Melbourne: Scientists claim to have unlocked the genome of Australia's biggest Eucalyptus tree --the Flooded Gum.
The Flooded Gum is one of biggest flowering plants in the world, growing up to 85 metres tall, yet it has a relatively small genome of about 600 million letters of code -- about one fifth the length of the human genome.
An international team, led by by Prof Zander Myburg at University of Pretoria in South Africa, has, in fact, mapped the genetic code of a specimen of Flooded Gum from Brazil.
The team says their research would pave the way for new breeding, biofuel and conservation opportunities.
"This is one the biggest boosts to forest research in Australia that we have ever had," team member Prof Bill Foley at the Australian National University said.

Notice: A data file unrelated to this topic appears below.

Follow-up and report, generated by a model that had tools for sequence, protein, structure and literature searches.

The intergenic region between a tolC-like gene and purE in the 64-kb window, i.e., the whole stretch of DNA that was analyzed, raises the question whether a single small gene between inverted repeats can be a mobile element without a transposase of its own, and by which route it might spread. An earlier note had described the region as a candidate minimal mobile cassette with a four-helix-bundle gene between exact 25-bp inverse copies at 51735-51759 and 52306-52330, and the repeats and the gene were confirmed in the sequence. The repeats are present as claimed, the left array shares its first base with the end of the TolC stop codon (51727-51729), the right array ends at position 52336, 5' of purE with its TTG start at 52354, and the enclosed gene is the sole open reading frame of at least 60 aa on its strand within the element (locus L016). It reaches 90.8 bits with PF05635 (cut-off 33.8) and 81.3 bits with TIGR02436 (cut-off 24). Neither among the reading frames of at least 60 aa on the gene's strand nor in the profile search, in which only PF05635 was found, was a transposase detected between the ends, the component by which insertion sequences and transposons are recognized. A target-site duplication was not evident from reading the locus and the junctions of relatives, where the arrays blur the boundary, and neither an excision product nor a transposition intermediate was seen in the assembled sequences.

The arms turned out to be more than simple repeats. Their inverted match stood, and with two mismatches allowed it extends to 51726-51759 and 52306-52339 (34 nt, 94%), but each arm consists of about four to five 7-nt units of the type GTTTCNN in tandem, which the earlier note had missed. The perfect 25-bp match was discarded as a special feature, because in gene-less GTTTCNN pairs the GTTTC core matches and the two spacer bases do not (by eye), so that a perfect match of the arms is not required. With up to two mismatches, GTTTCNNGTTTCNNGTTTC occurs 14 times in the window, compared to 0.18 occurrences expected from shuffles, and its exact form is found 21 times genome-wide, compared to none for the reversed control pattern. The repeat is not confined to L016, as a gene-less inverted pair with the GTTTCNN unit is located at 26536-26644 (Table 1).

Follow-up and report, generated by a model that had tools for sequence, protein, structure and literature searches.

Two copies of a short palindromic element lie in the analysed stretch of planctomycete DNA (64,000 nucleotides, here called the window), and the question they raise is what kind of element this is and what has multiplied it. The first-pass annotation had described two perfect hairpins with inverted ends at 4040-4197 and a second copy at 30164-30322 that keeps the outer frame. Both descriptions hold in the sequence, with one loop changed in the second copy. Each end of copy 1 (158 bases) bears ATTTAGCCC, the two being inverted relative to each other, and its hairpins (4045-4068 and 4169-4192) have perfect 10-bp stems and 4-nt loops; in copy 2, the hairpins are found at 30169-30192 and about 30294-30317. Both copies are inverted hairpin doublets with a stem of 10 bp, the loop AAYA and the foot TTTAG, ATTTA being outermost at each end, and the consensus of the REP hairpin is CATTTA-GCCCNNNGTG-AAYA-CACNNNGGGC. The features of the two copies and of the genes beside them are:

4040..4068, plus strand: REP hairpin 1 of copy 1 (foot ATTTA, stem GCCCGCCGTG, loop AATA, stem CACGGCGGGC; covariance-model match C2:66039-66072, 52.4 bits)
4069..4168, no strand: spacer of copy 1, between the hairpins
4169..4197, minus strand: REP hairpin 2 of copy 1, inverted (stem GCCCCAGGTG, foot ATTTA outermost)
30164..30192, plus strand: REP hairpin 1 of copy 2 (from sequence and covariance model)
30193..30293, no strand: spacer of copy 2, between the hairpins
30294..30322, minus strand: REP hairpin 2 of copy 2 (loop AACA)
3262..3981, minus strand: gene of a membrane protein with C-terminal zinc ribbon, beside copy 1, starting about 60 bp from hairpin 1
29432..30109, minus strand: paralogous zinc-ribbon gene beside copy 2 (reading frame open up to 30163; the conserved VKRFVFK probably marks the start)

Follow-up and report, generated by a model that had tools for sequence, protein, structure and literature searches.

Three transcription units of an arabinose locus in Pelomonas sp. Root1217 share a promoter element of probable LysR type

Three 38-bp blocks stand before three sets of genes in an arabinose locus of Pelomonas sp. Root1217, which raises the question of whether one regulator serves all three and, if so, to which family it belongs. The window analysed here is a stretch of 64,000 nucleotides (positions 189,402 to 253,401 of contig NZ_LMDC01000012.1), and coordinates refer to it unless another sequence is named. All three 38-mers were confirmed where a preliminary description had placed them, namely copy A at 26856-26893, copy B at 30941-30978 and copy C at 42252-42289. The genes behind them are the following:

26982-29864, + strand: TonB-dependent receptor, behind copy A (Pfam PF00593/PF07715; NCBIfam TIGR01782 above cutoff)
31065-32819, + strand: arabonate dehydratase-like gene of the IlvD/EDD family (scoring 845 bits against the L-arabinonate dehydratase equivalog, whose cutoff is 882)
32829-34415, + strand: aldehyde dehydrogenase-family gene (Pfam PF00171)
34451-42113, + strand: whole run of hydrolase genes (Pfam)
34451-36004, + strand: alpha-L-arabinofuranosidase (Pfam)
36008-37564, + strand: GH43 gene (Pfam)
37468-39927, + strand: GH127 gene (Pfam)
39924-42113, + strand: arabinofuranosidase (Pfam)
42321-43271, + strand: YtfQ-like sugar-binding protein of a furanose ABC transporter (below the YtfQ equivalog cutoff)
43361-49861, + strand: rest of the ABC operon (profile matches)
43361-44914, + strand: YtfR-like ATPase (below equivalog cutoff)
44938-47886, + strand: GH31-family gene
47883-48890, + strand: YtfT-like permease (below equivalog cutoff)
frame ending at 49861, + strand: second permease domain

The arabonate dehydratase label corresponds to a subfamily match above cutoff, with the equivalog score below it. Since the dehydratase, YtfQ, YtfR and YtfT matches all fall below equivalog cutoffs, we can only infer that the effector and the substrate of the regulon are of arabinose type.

He added: "Eucalyptus grandis is only the second forest tree to have its full genome mapped. It is an important tree in forests along the east coast of New South Wales and Queensland and a valuable fibre resource worldwide. It is also being considered for biofuel programs both here and overseas."
"This mapping is the first step to understanding the variety seen in Eucalyptus, allowing us to select the optimum trees for future environments."
First Published: Wednesday, July 27, 2011, 12:11